According to News18, twenty out of the top four hundred start-ups in the world are from India. Out of those, eleven have been funded by Japanese conglomerate SoftBank. There is no doubt that these funds offer hope and give a jumpstart to these start-ups, but what are the risks that companies and shareholders have to face?
Founded by Masayoshi Son in 1981, SoftBank had its beginnings as a software distributor. With some luck and well calculated decisions, Softbank saw exponential growth. Today it is involved in almost every industry you could think of - from telecommunications, Artificial intelligence, data science and e-commerce to renewable energy, biotech, financial technology and nanotechnology, from Alibaba and Tencent in China to Yahoo! Inc.
Most of their investments and acquisitions have been made through their Vision Fund, ideated in 2017. As its name might suggest, the fund was instituted to empower innovative firms and become a driving force for modernisation and a technological revolution. Far from being plain ideological, the attractive prospects of the fund garnered investments from countless powerful entities like Microsoft, Qualcomm, Foxconn, Oracle founder Larry Ellison, Taiwanese iPhone maker Foxconn, Alibaba as well as Saudi Arabia’s Public Investment Fund (PIF) and Abu Dhabi’s Mubadala. Finally, the fund stood at a massive $100 billion.
Masayoshi Son’s vision for SoftBank and Vision Fund is of unparalleled scale, considered as a genesis of a new age in investment culture and Artificial Intelligence. In an interview with CNBC, Son said that in thirty years, things will be flying and going a lot faster without accident, that we’ll live longer and healthier. He also calculated a 300-year growth plan for his proprietorships. We have been waiting for this level of ambition and belief in scientific temper, along with facilitation of essential capital required to guide the disoriented and expansive AI industry. This was quite a responsibility to take on.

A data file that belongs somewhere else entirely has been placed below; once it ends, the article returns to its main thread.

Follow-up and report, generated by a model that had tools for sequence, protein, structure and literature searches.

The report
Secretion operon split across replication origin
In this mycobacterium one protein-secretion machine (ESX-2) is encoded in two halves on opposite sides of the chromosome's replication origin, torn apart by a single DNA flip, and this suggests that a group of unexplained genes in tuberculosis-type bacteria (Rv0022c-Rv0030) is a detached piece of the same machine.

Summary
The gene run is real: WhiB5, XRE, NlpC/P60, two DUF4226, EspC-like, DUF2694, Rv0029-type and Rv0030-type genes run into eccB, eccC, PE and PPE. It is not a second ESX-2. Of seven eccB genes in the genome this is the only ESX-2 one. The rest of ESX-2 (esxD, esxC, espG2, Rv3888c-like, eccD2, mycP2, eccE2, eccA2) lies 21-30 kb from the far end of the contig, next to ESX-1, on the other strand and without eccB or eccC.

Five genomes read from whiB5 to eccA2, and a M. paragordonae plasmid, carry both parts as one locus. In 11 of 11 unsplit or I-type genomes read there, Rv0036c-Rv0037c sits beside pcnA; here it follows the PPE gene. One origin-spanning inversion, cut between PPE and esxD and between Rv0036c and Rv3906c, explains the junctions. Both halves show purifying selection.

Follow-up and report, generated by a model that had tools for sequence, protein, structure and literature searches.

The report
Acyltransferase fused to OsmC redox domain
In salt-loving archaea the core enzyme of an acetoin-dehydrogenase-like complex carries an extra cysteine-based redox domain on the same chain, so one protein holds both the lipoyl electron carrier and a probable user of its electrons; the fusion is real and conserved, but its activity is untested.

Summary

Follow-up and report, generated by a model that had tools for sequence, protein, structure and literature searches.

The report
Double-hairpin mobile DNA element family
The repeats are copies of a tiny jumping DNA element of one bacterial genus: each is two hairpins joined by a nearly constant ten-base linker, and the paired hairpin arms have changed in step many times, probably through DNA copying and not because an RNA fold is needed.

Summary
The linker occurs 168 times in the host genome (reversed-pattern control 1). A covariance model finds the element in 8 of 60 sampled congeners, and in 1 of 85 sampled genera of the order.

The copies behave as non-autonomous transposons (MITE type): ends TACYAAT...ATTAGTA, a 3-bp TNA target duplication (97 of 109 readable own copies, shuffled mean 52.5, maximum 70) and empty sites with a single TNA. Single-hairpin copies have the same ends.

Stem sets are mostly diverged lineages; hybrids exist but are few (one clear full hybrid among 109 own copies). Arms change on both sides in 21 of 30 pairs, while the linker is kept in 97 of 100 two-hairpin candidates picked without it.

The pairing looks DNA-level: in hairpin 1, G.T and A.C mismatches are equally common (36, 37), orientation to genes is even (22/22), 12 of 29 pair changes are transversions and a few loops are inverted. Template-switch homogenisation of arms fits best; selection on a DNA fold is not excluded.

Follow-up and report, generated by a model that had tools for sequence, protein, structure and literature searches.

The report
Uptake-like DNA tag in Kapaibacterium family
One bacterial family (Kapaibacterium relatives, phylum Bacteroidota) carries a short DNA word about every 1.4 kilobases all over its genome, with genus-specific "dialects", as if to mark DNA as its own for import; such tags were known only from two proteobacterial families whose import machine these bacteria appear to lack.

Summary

To date, SoftBank, through its fund has invested in about 88 largely successful firms. Son reportedly takes personal interest in selecting companies for the portfolio of the Fund and dedicates about $100 million to each, more if he’s especially intrigued. In the pursuit of a mission for innovation, he also provides for a free rein to business leaders to take the idea forward. Paytm, Flipkart ( sold for a profit to Walmart), First Cry and many others have tasted success from the hands of SoftBank.
SoftBank’s generosity and dedication to AI evolution may be translating quite differently. There seems to have been little congruence in their investment policy and action; two precious additions to their portfolio, OYO and WeWork, have been real estate enterprises. We are yet to hear of a major tech breakthrough stimulated by a deal with the Vision Fund. There’s also the problem of Masayoshi Son’s aggressive investment strategy and misguided valuation of firms. In case of OYO; an Indian hotel chain, SoftBank has poured almost $1.5 billion into the cash burning company since their first investment in 2015, which pushed its valuation to $10 billion, one of the Fund’s highest. OYO grew in size, coverage and valuation, and also went international in a very short period of time. OYO’s nouveau riche status allowed them to go international and aim at becoming the biggest hotel chain in the world through international acquisitions and expansions. This, coupled with bad timing, bad publicity, and speculative practices, resulted in a highly unsustainable business model. OYO’s management soon announced more than five thousand international job cuts and pay cuts, a consequence that was seen coming.